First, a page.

Youth are still exploring and experimenting with risky behavior.
      What has changed is the fact that there could very well be a
      permanent record of all of this, one with implications that
      can't be predicted or controlled. Common Sense Media
    • 22. Online activity takes place
      before a vast audience
    • 23. Consider this...
      • How many of your students have mobile devices with photo/video options?
      • 24. Search for “Vancouver riot” on Flickr reveals more than 10,000 entries.
      • 25. What are the implications for this young person?
    • 26. Visits to
      Last month....
    • 27. The audience can be invisible
      and anonymous
    • 28. Content is replicable in a world of…
      copy and paste, @RT, forward, share, <embed>
    • 29. Examples: Posting, Cutting, Pasting, Tagging is Easy-Peasy!
      Good judgment develops over time. The internet on its own doesn’t reflect process – just product.
    • 30. Connect, collaborate
      and network
      Build community/
      learn together
      Access a wide range
      of people/resources
    • 31. As Educators...
      Personal networks
      Learning network!
    • 32. Case Study: Wendy Drexler’s Class
      Theme 1: Networks
      • Are there benefits to expanding
      learning networks beyond the class?
      • Are there risks/challenges?
      Theme 2: Collaboration
      • Have we moved beyond competition to collaboration?
      Theme 3: Openness
      • What does openness mean to traditional roles of teacher/student?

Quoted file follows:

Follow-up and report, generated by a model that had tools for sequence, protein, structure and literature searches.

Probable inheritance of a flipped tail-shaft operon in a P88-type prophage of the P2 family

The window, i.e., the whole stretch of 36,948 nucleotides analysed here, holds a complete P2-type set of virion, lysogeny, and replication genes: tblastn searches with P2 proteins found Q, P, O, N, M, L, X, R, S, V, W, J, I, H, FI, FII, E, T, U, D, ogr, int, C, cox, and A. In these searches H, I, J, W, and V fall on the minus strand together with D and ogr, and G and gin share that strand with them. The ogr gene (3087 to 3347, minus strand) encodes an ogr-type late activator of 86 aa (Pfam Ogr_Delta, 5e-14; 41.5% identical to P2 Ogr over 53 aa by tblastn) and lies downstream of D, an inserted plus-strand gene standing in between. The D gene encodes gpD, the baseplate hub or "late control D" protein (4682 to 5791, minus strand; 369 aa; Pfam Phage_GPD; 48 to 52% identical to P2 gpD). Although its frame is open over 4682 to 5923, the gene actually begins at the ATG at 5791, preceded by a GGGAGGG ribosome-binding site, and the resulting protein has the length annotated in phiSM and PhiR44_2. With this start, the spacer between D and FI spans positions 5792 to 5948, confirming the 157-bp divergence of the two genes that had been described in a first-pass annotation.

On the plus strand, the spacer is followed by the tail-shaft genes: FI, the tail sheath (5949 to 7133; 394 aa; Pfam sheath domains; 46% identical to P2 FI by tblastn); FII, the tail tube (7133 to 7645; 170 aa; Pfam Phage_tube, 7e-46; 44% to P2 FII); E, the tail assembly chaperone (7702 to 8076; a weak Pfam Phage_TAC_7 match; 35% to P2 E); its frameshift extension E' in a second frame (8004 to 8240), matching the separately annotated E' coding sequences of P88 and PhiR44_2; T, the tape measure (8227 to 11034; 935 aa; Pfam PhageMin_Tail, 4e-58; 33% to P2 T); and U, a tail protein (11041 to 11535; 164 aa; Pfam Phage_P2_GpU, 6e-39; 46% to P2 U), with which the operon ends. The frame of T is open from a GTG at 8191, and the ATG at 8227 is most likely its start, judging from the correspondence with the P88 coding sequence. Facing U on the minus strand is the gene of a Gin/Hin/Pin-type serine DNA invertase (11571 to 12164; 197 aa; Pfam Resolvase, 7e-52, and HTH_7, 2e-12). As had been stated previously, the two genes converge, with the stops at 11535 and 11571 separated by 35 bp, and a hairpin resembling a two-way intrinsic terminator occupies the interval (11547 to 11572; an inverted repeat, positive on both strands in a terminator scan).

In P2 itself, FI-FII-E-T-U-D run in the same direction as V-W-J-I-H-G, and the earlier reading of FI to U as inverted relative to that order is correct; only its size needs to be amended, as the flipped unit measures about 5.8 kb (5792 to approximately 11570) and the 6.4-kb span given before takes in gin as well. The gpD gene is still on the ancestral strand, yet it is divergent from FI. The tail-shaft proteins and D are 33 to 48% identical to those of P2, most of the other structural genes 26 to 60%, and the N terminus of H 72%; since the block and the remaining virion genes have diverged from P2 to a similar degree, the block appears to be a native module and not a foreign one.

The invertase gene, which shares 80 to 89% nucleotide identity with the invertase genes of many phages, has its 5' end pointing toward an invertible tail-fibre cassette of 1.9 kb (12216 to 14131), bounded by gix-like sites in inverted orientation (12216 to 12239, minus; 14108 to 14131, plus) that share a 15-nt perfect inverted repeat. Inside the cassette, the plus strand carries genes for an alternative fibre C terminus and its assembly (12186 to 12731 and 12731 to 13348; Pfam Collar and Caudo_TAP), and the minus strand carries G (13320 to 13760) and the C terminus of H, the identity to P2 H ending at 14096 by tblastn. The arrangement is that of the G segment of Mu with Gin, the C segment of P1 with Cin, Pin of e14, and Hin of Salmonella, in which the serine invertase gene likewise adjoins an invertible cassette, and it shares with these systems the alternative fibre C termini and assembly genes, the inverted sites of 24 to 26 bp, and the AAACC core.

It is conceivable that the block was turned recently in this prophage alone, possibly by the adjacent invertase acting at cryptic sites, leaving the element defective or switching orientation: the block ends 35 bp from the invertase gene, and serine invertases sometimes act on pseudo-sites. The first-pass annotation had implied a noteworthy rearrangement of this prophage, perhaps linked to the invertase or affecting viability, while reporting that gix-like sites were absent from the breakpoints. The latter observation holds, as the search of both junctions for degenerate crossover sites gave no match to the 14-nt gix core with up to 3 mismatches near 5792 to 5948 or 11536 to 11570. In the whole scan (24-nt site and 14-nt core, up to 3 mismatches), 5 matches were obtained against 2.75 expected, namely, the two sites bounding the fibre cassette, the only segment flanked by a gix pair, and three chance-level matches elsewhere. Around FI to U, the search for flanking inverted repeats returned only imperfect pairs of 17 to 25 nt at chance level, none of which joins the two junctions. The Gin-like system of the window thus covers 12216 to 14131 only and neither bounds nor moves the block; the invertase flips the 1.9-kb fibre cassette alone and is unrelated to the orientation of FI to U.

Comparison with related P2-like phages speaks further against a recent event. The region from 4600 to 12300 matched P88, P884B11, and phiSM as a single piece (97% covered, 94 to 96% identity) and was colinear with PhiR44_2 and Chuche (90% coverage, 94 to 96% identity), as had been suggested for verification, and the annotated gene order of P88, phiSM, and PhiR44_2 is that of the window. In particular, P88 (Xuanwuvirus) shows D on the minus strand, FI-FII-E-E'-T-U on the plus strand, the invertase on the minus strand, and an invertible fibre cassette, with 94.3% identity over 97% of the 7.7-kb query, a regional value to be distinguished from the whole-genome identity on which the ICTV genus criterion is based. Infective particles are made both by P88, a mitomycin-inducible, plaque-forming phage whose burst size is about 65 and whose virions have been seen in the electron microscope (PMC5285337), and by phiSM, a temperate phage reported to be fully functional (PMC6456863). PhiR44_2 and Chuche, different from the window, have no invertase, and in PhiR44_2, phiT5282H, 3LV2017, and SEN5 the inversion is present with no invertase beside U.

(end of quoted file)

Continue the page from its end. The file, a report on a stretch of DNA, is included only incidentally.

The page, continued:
Does open mean more diverse and if so, how? If not why?
      What questions does the video raise for you?
      Digital Tattoo:
      Networks For Learning
    • 33. As Professionals...
      The government approach
      the practical approach
      The collective approach
    • 34. Consider: your view as part of a larger profession
      In groups of 3, discuss:
      Are current standards and ethics enough?
      Who do you look for in providing guidelines around issues related to personal/professional boundaries?
      Do you feel protected/vulnerable?
    • 35. Attitude Shift?
      Have any of your initial attitudes about the school’s role in digital identity issues changed?
      How would you describe your attitude now?
    • 39. Resources
      Rego, B. (2009). Teachers Guide to Using Facebook.
      Social Media Guideleines: a Collective Approach
       boyd, danah. 2009. "Social Media is Here to Stay... Now What?" Microsoft Research Tech Fest, Redmond, Washington, February 26. Retrieved March 10, 2009:
      Review/re-use this presentation:
    • 40. For Your Reference...
      Digital Tattoo
      Pew Internet Research
      danah boyd | apophenia
      This is Me
      Open Thinking
      Frontline: Digital Nation: Life on the Virtual Frontier
      Common Sense Media (for educators)
      Statistics Canada - Socio-demographic factors influencing use of the Internet)
      Social Network Site Privacy: A Comparative Analysis of Six Sites. The Office of the Privacy Commissioner of Canada
    • 41. Photo credits
      • Arm and Ink | Flickr - Photo Sharing! (n.d.). . Retrieved September 24, 2010, from
      • 42. Candy Coloured Tunnel on Flickr - Photo Sharing! (n.d.). . Retrieved May 6, 2010, from
      • 43. Liverpool Street station crowd blur on Flickr - Photo Sharing! (n.d.). . Retrieved May 6, 2010, from
      • 44. Repeating Shadows on Flickr - Photo Sharing! (n.d.). . Retrieved May 6, 2010, from
      • 45. The art of possibility on Flickr - Photo Sharing! (n.d.). . Retrieved May 6, 2010, from